Elk Grove wants to build a train station to serve commuters in the fast-growing city, with hopes of turning dirt on the project in summer 2015.
City officials envision a commuter-rail service that takes advantage of Amtrak’s existing San Joaquin line for now, and they hope residents might someday board a high-speed rail train at the station.
Elk Grove is vying for a grant from the federal Transportation Investment Generating Economic Recovery program, a stimulus measure that has funded more than $4.1 billion in rail, transit and freight-related projects since 2009, according to the U.S. Department of Transportation.
Local officials and transportation advocates see the station as an overdue option for commuters in this bedroom community of 160,000 traveling north to Sacramento or points south and west.
“Folks are very hungry to get this off the ground,” said Mike Barnbaum of Sacramento transportation advocates Here We Ride. “Elk Grove is one of the fastest-growing cities in the six-county region. In a community and city with the growth Elk Grove is having, it seems fitting. It’s time to take the next step and have a train serve the community.”
Today, Elk Grove and south Sacramento County residents must either travel north to downtown Sacramento or south to Lodi to board a train. Amtrak operates a Thruway bus stop in the Laguna West neighborhood that connects to those stations.
The Elk Grove Intermodal Rail Station Master Plan envisions building on a pizza-slice sliver of 8.5 acres just south of Sheldon Road. The site is bounded by Union Pacific rails to the west and Elk Grove-Florin Road to the east, straddling Whitehouse Creek. The project would include park-and-ride lots, bus connections and rail.
Preliminary renderings show an open, tree-dotted lot and rail stop. A portion of the Whitehouse Creek bed where a small rail bridge sits would become a paved walkway and undercrossing to and from the station.
Barnbaum said it could be a hub. Commuters could travel on Amtrak to Sacramento for work and connect with the Capitol Corridor. They could catch a bus that heads across town to a Regional Transit Blue Line light-rail stop at Cosumnes River College expected to open in September 2015.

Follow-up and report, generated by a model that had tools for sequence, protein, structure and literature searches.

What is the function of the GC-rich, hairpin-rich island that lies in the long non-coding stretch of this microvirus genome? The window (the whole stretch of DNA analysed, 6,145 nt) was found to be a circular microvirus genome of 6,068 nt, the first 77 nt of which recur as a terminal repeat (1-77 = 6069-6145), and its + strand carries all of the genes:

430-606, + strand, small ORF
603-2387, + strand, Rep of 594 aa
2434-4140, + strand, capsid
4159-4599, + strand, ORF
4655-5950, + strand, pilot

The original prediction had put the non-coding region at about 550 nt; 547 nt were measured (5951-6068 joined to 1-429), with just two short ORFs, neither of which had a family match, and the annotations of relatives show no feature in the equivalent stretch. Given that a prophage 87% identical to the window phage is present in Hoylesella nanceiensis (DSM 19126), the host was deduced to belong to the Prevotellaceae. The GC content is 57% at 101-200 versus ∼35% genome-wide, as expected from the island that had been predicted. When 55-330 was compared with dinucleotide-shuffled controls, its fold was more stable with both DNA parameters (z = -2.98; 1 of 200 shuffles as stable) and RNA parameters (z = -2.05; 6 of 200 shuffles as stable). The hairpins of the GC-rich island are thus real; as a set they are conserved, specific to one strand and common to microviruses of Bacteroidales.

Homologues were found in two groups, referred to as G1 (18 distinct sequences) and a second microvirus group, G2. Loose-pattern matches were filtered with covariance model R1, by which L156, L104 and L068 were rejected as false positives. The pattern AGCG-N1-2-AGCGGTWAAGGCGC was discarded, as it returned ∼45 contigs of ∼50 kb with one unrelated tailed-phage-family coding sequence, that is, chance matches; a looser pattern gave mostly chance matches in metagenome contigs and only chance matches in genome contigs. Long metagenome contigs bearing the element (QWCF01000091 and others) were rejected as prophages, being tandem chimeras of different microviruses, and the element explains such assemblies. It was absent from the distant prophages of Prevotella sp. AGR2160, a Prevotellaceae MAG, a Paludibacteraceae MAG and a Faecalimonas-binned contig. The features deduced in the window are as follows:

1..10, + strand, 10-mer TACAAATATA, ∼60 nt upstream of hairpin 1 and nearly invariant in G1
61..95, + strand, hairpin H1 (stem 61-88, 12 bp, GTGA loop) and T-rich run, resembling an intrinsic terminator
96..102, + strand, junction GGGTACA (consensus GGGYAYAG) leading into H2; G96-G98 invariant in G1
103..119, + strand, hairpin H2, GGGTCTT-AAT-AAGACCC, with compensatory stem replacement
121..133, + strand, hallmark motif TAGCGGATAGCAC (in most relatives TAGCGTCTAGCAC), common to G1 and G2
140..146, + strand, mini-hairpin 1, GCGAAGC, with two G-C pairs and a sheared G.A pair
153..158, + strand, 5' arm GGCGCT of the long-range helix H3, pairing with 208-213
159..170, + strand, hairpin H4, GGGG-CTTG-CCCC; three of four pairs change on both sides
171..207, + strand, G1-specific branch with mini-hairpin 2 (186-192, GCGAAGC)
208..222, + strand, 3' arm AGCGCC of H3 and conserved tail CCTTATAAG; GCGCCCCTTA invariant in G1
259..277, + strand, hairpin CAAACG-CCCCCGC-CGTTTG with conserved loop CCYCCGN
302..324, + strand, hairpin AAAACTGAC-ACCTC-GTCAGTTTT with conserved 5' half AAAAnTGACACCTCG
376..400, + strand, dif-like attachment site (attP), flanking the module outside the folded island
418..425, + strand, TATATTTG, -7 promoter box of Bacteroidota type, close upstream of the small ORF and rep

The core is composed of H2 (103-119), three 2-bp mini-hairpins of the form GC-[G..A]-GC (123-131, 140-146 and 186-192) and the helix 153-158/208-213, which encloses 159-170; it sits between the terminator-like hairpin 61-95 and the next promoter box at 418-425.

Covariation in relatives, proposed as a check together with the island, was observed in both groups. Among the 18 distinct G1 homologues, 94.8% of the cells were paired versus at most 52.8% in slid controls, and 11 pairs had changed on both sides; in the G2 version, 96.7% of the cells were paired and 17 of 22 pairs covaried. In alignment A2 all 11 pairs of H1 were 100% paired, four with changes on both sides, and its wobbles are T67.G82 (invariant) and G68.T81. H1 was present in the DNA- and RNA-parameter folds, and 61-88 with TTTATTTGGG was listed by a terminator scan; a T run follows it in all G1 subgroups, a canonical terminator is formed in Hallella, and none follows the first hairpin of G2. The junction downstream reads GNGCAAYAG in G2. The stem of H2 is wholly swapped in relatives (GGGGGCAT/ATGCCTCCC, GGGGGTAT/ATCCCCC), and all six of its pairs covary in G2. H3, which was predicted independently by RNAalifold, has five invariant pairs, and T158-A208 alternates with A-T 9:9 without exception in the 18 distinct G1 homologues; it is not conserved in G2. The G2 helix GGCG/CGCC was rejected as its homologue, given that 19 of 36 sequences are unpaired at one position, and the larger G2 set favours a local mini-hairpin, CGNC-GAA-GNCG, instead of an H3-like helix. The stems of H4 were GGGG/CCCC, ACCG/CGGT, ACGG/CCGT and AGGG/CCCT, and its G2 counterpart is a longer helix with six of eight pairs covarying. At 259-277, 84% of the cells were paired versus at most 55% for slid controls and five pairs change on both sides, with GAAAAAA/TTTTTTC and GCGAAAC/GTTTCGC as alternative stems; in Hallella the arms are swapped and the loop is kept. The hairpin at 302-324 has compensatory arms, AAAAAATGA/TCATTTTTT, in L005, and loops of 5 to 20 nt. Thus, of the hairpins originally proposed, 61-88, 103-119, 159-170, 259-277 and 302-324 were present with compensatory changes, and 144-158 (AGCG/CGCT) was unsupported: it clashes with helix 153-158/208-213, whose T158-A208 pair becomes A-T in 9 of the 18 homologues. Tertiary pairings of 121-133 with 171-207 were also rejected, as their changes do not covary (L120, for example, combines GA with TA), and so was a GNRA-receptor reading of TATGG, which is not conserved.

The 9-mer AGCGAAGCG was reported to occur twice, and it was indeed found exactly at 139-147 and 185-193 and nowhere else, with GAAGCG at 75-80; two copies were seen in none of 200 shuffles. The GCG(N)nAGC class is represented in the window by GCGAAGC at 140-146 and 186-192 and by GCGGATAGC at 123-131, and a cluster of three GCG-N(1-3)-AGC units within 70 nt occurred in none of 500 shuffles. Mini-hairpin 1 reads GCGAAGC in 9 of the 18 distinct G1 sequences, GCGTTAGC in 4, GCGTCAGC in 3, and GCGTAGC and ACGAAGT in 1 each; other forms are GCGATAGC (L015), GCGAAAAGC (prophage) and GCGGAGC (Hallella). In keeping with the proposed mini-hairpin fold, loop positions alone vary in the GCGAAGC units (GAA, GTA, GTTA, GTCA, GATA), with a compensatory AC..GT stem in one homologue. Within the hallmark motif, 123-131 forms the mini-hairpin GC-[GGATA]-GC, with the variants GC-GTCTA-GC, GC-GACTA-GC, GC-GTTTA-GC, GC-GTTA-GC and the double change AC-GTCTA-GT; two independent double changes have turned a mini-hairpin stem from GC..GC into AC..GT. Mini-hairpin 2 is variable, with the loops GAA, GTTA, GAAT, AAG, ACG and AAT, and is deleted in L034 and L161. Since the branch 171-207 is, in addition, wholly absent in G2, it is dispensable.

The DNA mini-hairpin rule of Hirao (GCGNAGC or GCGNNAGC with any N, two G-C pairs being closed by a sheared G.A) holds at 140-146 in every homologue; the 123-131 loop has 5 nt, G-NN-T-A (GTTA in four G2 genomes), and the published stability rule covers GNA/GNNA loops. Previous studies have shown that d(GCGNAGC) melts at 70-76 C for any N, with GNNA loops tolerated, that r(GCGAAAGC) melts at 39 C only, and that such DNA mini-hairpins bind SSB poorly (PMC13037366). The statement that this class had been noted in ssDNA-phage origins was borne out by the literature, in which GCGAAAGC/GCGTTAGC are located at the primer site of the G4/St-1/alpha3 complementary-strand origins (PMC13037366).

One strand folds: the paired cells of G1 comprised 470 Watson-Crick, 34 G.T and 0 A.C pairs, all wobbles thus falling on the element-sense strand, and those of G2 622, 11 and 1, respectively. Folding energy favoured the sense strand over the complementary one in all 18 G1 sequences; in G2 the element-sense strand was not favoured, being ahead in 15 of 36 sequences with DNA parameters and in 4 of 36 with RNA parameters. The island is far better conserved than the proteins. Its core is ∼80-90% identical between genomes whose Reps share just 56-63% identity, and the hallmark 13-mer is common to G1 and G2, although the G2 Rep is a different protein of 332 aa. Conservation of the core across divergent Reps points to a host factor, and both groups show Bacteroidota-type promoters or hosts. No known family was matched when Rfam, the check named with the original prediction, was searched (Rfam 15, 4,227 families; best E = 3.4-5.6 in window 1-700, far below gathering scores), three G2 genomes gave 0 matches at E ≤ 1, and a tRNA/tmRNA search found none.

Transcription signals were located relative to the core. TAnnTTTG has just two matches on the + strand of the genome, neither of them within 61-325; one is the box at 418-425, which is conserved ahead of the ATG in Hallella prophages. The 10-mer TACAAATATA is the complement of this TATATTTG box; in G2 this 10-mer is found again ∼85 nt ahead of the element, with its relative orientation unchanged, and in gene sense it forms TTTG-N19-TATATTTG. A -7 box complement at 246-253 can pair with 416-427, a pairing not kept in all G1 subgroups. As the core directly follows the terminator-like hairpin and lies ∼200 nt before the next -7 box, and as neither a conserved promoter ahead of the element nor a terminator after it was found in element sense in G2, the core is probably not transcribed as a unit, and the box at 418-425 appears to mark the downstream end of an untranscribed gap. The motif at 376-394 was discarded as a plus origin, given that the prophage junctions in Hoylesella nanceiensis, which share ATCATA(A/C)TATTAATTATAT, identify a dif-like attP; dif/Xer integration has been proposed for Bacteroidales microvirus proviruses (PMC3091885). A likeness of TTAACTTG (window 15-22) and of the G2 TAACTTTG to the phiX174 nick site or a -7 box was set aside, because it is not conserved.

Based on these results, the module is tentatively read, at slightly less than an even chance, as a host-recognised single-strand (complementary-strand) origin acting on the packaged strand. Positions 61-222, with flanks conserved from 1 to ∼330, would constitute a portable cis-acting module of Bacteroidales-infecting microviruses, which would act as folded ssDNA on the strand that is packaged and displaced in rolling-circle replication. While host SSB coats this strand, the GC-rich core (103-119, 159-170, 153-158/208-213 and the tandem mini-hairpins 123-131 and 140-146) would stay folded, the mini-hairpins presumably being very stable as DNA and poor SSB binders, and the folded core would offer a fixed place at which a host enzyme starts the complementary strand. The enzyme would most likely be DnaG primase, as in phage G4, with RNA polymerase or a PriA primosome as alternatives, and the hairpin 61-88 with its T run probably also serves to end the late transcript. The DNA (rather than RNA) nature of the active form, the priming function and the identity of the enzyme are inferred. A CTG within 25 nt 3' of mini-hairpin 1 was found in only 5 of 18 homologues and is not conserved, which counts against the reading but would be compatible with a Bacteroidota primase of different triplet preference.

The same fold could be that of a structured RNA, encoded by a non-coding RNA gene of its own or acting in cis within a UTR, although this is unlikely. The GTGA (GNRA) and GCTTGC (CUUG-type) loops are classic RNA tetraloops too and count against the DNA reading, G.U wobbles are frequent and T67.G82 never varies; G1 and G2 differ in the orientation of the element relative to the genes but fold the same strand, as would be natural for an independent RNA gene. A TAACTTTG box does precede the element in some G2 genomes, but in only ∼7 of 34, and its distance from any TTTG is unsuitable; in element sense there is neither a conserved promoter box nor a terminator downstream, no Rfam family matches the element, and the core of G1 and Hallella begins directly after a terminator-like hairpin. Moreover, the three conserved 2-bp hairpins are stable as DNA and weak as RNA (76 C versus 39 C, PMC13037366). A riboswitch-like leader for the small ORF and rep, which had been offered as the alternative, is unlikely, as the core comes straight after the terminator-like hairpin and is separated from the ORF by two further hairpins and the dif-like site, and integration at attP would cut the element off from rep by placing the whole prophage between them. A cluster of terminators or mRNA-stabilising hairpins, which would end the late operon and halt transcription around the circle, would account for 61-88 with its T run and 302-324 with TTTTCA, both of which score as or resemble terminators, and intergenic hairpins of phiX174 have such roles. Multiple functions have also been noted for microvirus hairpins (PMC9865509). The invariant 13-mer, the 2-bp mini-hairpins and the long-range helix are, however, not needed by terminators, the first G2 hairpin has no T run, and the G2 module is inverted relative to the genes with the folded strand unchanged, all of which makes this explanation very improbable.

“That describes our vision,” said Richard Shepard, the city’s public works director. “We’re trying to make all those pieces happen.”
Elk Grove officials estimate the rail project will cost about $25 million, accounting for land purchases and construction costs. TIGER grant recipients will be announced this fall.
The city has studied plans for a rail station for about six years, first at a site off Elk Grove Boulevard in Old Town Elk Grove, before turning its focus to Elk Grove-Florin Road.
“Having a rail stop in Elk Grove would alleviate traffic on Highway 99 and give motorists another option,” said Elk Grove Mayor Gary Davis.
A dedicated station would also open the possibility of Elk Grove as a high-speed rail stop, said Richard Shepard, the city’s public works director. The proposed $68 billion bullet-train project would extend more than 500 miles from Sacramento to San Diego.
Much remains unclear, however. Union Pacific owns the rail that cuts through Elk Grove. Freight is UP’s priority, and the city will have to persuade the railroad to add passenger traffic.
Amtrak currently runs two trains a day each way between Stockton and Sacramento. The two northbound trains do not operate in the morning, and only one southbound train runs during the afternoon commute.
“We don’t know how they’ll react,” Shepard said of Union Pacific. A meeting with UP set for two weeks away will be a “litmus test” for where it stands on the rail station plan, Shepard said.
Amtrak, which operates the rail service, is reviewing the proposal, its officials said Thursday, but Shepard said the rail carrier has made no commitments to the city.
Meanwhile, Caltrans, which administers Amtrak rail service in California, is handing oversight of Amtrak’s Bakersfield-to-Sacramento San Joaquin service to the recently formed San Joaquin Joint Powers Authority.
The San Joaquin JPA wants to extend and expand Amtrak San Joaquin rail service to Sacramento. The authority, whose 10 member agencies include the Sacramento Regional Transit District, supports Elk Grove’s TIGER grant application.
“It’s something that’s been needed for a long time. It certainly will increase the ridership of the (Amtrak) San Joaquin,” said Dan Leavitt, a JPA spokesman.
But the JPA cannot negotiate with Union Pacific on passenger service until the Caltrans handover later this year.
The San Joaquin is already one of Amtrak’s busiest routes carrying more than 1.1 million riders a year – Capitol Corridor’s ridership tops 1.7 million – but officials at the JPA say no service has been added since 2002.
“From our perspective, this is a tremendous market opportunity if we get trains at the right time of day,” said JPA spokesman Dan Leavitt. “All you have to do is take a daily drive on (Highway) 99 or (Interstate) 5.”
If the city wins the TIGER grant, construction would begin in 2015 and take about two years, Shepard said.
The Elk Grove-Florin Road site has passed environmental muster and Elk Grove is still in talks with landholders to move property into city hands, Shepard said, but “the challenge is finding money,” he said. “We will ask for as much TIGER money as we can get. It’s a very competitive process, but we think we have good merits.”